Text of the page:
Simplified: A number of families around the soon-to-open Ben Reifel Middle School are ineligible for busing, and parents worry about the safety of their children if they have to walk or bike across Highway 11 to get to school.

Tell me more.

Ben Reifel Middle School is expected to open this fall. It's one of two new schools aimed at easing overcrowding and funded by a historic $190 million bond passed in 2018.

Several parents – including Sarah Sporrer, who will have two kids attending Ben Reifel this fall – are reaching out to school district officials, board members and even city officials to find a safe solution that doesn't involve kids crossing six lanes of 55 mph traffic.

"For right now, I think the Sioux Falls School District needs to bus these children until they can come up with a safe plan to get these kids to and from school," Sporrer said.

Why it matters:

  • It's normal for bus routes to leave out kids within walking distance to schools. What's less common, though, is for those walking routes to require many students to cross a road with a 55 mph speed limit.
  • It's not the potential two-mile walk that upsets parents, it's the need to cross the intersection at 41st Street and Highway 11.
  • Some parents say they don't have the flexibility at work to drive their kids to school, especially with start times at 8:45 a.m.
  • An additional concern for parents is the amount of growth and construction in the area. They fear that could pose additional risks for kids walking and biking to navigate around construction sites and vehicles.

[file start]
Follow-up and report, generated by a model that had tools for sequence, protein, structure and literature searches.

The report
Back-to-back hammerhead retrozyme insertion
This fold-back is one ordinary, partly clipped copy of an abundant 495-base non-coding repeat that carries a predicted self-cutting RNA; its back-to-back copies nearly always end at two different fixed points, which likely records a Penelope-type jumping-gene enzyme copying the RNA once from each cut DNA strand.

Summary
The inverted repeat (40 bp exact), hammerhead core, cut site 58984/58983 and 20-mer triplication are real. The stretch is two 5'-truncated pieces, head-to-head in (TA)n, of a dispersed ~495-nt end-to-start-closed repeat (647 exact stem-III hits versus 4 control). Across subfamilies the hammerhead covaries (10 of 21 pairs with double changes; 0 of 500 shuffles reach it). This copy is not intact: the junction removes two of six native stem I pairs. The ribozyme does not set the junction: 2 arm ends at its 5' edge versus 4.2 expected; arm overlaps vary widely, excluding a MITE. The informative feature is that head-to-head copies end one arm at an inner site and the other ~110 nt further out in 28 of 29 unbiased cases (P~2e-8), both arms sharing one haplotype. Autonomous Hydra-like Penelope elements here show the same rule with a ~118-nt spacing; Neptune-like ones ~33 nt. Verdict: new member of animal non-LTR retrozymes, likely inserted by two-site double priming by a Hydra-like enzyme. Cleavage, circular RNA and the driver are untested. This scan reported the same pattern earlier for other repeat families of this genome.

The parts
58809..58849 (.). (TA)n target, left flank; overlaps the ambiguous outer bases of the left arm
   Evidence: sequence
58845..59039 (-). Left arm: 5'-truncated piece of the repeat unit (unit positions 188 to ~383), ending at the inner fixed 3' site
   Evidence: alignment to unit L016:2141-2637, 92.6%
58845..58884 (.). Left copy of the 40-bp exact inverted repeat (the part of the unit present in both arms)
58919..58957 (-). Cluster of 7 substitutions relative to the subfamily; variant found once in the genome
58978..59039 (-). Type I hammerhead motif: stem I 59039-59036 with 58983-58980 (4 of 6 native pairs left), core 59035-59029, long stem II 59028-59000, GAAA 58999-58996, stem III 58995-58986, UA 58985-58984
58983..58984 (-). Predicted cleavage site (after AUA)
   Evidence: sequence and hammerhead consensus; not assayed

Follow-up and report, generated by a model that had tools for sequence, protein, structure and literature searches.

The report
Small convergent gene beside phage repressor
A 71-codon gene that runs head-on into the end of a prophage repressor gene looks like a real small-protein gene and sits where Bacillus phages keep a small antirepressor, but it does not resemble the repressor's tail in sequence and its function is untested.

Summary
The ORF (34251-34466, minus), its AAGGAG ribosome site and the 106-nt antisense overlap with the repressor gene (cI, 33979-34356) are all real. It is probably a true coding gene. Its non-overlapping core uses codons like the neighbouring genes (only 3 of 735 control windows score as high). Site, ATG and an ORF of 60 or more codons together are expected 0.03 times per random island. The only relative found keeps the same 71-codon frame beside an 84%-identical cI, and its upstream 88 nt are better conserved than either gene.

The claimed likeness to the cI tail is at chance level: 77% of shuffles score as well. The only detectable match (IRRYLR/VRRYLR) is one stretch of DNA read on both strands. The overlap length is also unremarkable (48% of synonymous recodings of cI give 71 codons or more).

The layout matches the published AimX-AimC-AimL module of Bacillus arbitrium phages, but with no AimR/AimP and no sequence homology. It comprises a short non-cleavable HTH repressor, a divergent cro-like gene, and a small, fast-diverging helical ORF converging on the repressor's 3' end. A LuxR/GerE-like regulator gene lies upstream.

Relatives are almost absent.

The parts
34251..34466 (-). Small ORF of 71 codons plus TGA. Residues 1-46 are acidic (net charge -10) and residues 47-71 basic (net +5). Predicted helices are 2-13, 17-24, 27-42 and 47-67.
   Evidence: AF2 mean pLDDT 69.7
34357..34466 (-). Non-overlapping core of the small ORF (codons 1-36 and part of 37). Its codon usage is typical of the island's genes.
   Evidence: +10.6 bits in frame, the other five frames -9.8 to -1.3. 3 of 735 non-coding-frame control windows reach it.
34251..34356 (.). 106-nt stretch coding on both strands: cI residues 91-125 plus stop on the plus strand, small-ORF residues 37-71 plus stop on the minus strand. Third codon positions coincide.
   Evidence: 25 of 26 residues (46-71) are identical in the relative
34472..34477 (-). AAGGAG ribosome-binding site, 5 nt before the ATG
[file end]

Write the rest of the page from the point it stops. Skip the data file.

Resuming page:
Birds-eye view of 41st Street and Highway 11 (aka Veterans Parkway) via Google Maps.
Birds-eye view of 41st Street and Highway 11 (aka Veterans Parkway) via Google Maps.

What's a viable solution?

Hard to say, especially because school officials say any speed limit changes or walking bridges would be a city issue, not a district one.  

PATH, a group of city, school and community representatives that advocates for school traffic safety, discussed Ben Reifel at their January meeting. At that time, they said the city wanted to start with advisory speed limit signs rather than going straight to lowering the speed limit.

Parents argue that isn't enough and that a lower speed limit won't necessarily mean drivers will go slower.

Parents Sporrer, Kimberly Henderson, Dave Nelson and Amy Bruner agreed they weren't comfortable with their children crossing Highway 11.

"It's a scary crossing because the traffic runs through there at 55 mph ... I don't feel safe doing it, and I'm an adult," Bruner said.

Parents generally agree on three possible solutions:

  • A walking bridge over the highway or a tunnel underneath it
  • Slower speed limits similar to what you'd see in other school zones (usually 15 mph), or
  • Busing available to anyone who has to cross the highway.

But it's unclear at this time if any of those options are feasible.

What do officials say?

School district officials weren't available for an interview for this story.

School Board President Cynthia Mickelson made a few points:

  • The reality is, she said, the school district is in a city that has highways and interstates.
  • She also notes that undeveloped plots of land big enough to hold a school in southwest Sioux Falls were limited, and the current Ben Reifel location was their best option.
  • The district has asked PATH to consider recommending a lower speed limit from 55 mph to 45 mph during school drop-off and pickup times.
"We would love them to do (a tunnel) or an over-walk," Mickelson said, noting the district has no oversight on roads. "But the city has to do that."

What happens next?  

The PATH committee's next meeting is Thursday, March 11. Ben Reifel is set to open this fall.